The top Senate Democrat yesterday defended a colleague’s assertion that Sen. Robert C. Byrd, a former Klansman, would have been a great leader during the Civil War.
Sen. Tom Daschle said there was “no parallel” between Sen. Christopher J. Dodd’s praise of Mr. Byrd and Republican Sen. Trent Lott’s praise of former segregationist Sen. Strom Thurmond.
“I do not think it is an exaggeration at all to say to my friend from West Virginia that he would have been a great senator at any moment,” Mr. Dodd, Connecticut Democrat, said while praising Mr. Byrd last week on the occasion of the eight-term Democrat’s 17,000th Senate vote.
Mr. Dodd continued: “He would have been right at the founding of this country. He would have been in the leadership crafting this Constitution. He would have been right during the great conflict of Civil War in this nation.”
Mr. Byrd has admitted he joined the Ku Klux Klan in 1942. In a 1946 letter to a national Klan leader, Mr. Byrd wrote that he had held the rank of “kleagle” in the KKK. In the Senate in June 1964, Mr. Byrd made a 14-hour filibuster speech in an unsuccessful effort to block passage of the Civil Rights Act.
In December 2002, Mr. Lott was forced to resign as Senate majority leader because of his praise for Mr. Thurmond. At the South Carolinian’s 100th birthday celebration, Mr. Lott noted that his home state of Mississippi had voted for Mr. Thurmond’s 1948 segregationist presidential candidacy, adding that he would have made a great president and the rest of the nation should have followed Mississippi.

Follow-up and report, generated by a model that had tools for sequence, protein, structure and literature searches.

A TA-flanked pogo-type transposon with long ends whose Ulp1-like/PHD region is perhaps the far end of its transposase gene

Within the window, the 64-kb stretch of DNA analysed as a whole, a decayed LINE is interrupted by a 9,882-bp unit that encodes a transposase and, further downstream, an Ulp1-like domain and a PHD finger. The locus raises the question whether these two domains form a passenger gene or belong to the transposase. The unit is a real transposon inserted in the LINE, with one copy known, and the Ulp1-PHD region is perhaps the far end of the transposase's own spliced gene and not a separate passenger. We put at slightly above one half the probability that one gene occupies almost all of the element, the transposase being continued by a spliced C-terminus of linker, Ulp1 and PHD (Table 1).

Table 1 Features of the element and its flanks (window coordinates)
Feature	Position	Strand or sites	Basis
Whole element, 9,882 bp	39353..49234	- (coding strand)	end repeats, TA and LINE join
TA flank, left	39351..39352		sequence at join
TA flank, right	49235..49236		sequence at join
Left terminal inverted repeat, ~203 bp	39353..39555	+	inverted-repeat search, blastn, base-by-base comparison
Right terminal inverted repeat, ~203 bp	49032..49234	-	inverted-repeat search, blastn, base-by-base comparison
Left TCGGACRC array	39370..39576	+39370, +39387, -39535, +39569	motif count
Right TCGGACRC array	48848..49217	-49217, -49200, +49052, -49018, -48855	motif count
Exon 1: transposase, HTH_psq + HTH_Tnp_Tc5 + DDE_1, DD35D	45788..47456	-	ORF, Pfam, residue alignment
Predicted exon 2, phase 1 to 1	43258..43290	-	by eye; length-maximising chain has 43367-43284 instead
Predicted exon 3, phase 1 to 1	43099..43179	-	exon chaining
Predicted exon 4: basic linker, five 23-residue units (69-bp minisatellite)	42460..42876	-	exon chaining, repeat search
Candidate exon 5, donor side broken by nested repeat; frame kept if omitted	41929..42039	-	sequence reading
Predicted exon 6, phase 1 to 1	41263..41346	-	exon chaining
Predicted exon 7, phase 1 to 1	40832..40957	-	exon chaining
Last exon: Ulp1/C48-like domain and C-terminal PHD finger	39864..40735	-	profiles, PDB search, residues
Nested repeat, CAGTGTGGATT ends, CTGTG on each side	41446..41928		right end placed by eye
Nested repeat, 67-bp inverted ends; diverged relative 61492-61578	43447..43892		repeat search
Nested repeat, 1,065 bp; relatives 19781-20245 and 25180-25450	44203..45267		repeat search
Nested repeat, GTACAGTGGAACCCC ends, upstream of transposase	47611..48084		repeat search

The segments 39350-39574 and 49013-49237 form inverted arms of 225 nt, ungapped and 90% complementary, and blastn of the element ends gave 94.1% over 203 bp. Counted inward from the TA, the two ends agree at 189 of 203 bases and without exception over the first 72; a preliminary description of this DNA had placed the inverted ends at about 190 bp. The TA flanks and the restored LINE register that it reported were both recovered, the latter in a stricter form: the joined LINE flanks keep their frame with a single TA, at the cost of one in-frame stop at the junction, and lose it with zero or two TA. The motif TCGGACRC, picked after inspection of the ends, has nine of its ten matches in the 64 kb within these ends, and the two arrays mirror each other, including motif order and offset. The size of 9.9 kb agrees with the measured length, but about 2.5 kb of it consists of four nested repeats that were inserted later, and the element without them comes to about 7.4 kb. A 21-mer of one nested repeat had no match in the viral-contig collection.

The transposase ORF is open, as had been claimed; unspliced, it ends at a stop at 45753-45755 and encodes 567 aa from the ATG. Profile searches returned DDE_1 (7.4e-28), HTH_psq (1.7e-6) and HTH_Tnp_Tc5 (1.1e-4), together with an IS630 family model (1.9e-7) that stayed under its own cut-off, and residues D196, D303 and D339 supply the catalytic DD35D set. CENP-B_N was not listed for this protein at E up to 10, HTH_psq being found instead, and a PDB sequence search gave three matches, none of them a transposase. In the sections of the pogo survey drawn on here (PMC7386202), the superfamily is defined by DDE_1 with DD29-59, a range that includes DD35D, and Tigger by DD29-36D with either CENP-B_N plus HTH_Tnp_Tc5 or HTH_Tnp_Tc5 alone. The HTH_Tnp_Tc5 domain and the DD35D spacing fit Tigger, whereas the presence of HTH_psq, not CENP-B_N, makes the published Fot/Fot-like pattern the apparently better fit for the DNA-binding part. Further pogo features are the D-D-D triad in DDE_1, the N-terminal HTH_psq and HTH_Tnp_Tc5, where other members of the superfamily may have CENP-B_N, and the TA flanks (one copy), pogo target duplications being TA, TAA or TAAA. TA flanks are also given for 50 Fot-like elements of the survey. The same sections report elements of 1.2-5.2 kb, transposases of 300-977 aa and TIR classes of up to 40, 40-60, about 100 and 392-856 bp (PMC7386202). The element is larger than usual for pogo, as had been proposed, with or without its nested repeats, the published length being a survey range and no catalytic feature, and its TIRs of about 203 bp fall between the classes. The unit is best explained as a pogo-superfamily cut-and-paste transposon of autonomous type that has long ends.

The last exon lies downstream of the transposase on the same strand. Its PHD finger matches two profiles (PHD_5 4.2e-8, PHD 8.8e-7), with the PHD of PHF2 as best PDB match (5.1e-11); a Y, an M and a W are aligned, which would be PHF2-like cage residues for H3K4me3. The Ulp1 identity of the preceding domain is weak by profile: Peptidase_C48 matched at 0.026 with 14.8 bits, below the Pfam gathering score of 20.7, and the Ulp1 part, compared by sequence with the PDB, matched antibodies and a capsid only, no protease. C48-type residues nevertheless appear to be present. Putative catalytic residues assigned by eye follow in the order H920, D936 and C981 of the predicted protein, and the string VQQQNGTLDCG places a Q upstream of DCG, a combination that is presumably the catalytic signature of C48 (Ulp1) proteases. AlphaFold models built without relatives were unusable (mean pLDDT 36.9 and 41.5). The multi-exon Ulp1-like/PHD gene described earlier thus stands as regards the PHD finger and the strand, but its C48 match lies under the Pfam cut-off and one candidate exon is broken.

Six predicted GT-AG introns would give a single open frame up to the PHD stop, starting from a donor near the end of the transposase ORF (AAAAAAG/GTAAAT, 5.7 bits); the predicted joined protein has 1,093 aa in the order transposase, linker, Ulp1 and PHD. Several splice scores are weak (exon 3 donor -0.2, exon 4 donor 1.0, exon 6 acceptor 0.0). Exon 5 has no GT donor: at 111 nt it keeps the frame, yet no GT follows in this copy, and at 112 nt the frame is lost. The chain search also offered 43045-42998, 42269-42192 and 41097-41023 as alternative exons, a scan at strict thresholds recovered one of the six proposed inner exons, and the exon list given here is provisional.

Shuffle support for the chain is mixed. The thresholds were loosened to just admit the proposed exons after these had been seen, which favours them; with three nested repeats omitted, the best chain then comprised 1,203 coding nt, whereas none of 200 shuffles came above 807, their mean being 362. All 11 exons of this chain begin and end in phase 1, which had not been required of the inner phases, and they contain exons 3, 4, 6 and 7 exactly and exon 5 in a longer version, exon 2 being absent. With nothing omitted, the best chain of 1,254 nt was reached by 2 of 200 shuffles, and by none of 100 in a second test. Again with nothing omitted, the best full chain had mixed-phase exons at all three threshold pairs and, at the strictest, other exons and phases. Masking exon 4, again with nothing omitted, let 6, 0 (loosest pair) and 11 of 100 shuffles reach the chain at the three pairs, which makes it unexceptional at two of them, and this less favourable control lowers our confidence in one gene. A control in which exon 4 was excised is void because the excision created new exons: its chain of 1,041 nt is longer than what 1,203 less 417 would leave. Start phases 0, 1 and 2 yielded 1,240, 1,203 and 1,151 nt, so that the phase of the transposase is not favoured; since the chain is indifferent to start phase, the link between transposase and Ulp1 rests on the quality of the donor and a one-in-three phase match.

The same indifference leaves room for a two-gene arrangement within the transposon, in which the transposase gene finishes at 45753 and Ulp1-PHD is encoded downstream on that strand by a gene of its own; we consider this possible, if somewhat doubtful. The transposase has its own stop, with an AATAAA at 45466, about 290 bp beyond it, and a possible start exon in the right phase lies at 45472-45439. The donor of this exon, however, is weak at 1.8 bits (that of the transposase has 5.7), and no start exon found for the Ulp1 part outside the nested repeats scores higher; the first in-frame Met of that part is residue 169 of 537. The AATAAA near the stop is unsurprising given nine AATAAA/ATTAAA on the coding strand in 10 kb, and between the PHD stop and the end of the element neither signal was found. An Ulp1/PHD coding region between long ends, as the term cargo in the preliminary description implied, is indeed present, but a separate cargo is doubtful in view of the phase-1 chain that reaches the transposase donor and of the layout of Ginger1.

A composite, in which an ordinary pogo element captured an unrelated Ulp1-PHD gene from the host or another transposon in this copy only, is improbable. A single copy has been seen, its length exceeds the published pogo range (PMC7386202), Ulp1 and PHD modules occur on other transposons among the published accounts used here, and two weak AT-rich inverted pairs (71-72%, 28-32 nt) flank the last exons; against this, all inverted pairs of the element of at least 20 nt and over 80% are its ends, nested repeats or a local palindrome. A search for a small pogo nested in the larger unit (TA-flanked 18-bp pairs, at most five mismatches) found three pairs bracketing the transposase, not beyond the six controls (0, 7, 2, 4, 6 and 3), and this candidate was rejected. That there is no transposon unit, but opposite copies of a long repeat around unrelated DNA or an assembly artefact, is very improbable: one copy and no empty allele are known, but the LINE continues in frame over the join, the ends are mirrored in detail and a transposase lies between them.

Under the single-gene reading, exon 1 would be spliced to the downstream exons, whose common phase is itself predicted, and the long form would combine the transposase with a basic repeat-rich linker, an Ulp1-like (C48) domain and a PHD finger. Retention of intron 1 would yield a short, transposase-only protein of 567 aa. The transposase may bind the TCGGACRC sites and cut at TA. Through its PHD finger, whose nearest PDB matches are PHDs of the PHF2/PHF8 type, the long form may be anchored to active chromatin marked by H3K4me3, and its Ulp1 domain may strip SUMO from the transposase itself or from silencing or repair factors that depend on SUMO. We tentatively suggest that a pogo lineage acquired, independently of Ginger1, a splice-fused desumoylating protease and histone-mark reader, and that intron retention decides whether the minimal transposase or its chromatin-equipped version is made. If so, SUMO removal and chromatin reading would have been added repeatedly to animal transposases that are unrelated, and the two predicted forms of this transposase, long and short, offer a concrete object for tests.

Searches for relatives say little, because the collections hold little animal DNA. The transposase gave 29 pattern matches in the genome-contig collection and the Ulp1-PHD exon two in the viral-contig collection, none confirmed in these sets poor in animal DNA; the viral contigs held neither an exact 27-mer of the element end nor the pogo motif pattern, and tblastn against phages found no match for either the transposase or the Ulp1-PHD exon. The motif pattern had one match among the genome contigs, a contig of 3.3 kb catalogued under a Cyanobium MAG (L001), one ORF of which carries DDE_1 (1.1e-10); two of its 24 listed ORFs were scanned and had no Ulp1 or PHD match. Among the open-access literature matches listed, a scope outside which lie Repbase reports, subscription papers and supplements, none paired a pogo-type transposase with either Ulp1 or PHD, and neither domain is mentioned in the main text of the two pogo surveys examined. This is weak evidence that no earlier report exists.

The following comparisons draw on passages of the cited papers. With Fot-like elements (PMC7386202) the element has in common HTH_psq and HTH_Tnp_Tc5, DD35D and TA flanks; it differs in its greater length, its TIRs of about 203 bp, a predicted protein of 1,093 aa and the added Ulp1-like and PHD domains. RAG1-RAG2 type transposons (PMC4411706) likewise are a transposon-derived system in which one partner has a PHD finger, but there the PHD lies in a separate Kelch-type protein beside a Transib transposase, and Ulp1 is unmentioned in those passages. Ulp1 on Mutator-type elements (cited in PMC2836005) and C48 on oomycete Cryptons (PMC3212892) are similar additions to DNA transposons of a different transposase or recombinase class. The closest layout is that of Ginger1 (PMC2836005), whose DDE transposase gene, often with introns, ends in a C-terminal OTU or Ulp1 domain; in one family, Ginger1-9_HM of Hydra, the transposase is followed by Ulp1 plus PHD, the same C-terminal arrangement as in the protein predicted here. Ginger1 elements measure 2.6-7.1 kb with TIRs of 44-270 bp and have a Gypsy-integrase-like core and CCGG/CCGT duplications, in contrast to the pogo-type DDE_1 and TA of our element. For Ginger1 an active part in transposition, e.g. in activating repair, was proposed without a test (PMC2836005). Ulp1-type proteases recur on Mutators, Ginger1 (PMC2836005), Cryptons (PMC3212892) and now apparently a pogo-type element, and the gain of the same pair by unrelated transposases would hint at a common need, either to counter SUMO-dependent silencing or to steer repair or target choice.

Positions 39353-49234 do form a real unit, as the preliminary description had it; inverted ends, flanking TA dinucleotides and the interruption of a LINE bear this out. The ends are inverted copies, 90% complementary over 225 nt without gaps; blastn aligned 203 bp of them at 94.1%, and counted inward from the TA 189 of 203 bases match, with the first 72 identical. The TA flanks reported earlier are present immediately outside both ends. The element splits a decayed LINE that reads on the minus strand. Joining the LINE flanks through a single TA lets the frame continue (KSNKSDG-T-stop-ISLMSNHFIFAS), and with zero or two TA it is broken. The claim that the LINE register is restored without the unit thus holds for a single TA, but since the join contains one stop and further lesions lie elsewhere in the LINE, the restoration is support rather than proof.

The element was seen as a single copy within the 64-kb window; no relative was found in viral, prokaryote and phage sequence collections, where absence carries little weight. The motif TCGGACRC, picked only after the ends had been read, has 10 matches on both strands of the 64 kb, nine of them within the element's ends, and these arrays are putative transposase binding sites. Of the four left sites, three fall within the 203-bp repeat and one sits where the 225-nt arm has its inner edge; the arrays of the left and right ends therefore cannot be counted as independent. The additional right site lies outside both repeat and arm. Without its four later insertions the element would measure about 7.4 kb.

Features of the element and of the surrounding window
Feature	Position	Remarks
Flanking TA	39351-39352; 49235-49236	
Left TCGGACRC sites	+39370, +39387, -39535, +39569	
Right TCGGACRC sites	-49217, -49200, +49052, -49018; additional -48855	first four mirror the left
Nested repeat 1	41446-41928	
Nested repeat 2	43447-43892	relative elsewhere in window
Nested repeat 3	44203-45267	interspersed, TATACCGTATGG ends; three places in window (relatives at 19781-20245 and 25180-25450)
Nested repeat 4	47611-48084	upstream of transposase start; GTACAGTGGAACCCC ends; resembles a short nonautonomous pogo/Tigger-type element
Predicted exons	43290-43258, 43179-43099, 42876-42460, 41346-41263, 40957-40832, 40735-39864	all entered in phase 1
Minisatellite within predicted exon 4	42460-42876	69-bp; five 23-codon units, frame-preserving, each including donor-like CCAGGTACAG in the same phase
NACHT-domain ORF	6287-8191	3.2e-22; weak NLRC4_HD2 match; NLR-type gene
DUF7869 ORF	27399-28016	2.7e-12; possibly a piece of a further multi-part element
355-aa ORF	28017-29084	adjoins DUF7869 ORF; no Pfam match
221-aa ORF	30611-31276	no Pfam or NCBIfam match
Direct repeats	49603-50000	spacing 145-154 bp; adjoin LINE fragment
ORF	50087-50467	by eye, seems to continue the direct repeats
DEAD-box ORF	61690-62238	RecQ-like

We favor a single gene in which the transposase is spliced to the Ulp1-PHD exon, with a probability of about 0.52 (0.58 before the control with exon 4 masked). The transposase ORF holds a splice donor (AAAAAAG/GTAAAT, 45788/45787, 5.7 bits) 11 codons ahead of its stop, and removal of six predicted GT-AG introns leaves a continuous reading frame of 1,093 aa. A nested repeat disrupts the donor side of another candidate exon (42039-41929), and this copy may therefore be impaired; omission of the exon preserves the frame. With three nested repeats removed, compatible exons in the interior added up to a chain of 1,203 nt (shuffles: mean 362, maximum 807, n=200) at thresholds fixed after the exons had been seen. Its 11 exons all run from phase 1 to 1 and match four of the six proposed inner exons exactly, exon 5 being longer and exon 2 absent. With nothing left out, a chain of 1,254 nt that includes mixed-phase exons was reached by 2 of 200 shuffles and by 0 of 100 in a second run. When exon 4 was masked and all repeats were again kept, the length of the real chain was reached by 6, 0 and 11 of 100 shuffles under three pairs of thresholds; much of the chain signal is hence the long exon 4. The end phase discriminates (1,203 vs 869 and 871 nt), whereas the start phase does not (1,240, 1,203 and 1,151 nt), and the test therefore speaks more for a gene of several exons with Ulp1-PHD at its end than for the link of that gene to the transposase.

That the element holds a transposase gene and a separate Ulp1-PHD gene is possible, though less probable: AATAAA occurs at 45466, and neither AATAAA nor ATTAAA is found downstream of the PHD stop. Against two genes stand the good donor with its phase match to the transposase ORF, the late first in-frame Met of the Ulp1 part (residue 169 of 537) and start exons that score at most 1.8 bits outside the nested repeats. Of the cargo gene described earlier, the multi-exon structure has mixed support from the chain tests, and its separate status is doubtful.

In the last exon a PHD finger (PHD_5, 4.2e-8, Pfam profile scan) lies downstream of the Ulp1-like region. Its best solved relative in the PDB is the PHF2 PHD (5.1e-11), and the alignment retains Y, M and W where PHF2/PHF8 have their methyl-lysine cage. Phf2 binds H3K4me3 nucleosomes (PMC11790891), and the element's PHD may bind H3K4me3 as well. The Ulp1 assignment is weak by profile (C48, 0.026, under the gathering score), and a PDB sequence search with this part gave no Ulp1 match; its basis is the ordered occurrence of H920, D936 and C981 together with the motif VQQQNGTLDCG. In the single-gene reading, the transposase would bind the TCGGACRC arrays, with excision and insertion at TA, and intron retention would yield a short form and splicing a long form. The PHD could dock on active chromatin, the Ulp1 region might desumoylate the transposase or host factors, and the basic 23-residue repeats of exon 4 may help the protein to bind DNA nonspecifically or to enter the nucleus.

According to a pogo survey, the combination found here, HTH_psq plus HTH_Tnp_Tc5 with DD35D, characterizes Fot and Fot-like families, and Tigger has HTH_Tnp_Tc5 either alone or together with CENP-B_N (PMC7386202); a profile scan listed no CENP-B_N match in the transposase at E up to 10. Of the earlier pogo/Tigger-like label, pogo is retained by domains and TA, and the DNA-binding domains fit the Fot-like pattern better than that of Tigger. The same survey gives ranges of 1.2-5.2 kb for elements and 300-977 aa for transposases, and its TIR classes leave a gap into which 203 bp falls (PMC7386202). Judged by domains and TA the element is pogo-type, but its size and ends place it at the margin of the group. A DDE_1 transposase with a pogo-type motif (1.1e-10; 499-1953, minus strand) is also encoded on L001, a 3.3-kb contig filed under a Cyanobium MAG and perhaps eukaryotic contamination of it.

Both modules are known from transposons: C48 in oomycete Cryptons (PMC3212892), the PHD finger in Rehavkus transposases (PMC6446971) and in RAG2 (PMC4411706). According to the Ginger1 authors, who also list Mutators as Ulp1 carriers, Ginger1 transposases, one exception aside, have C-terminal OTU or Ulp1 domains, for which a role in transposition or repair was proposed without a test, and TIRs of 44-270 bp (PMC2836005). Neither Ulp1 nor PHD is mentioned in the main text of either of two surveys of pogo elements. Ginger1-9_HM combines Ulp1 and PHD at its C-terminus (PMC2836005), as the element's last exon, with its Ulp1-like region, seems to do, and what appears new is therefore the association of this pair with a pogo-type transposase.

But Mr. Daschle of South Dakota said Mr. Dodd’s speech was not comparable to the remarks that cost Mr. Lott his leadership post.
“I wasn’t on the floor when Senator Dodd made his comments,” Mr. Daschle told reporters yesterday. “I don’t know what he said. But I would think even he would tell you there’s no parallel.”
Several Republican senators were asked for comment on Mr. Dodd’s remarks but none replied.
One Republican Senate aide expressed shock at Mr. Dodd’s remarks.
“The last time I looked the Civil War was about ending slavery, and when is it a good time for a former Ku Klux Klan member to be a leader during such difficult times?” said Robert Traynham, who emphasized he was speaking personally, and not for his boss, Republican Senate Conference Chairman Rick Santorum of Pennsylvania. “Where is the outrage from those very same individuals and organizations that express their outrage when Republicans make statements that they interpret to be discriminatory?”
Mr. Dodd was among the Democrats who called for Mr. Lott to lose his leadership post and said his party would deal with such comments differently.
“If Tom Daschle or another Democratic leader were to have made similar statements, the reaction would have been very swift,” he said on CNN’s “Late Edition” on Dec. 15, 2002. “I don’t think several hours would have gone by without there being an almost unanimous call for the leader to step aside.”
Former Thurmond aide Armstrong Williams said that Mr. Dodd’s April 1 speech “is far worse than what Trent Lott said.”
“If Byrd had been a leader during the Civil War, he would have been fighting for the preservation of slavery,” said Mr. Williams. “Thurmond was never a member of the Klan and he defended blacks against the poll tax and lynching. If Byrd and Thurmond were alive during the Civil War and Byrd had his way, Thurmond would have been lynched.”
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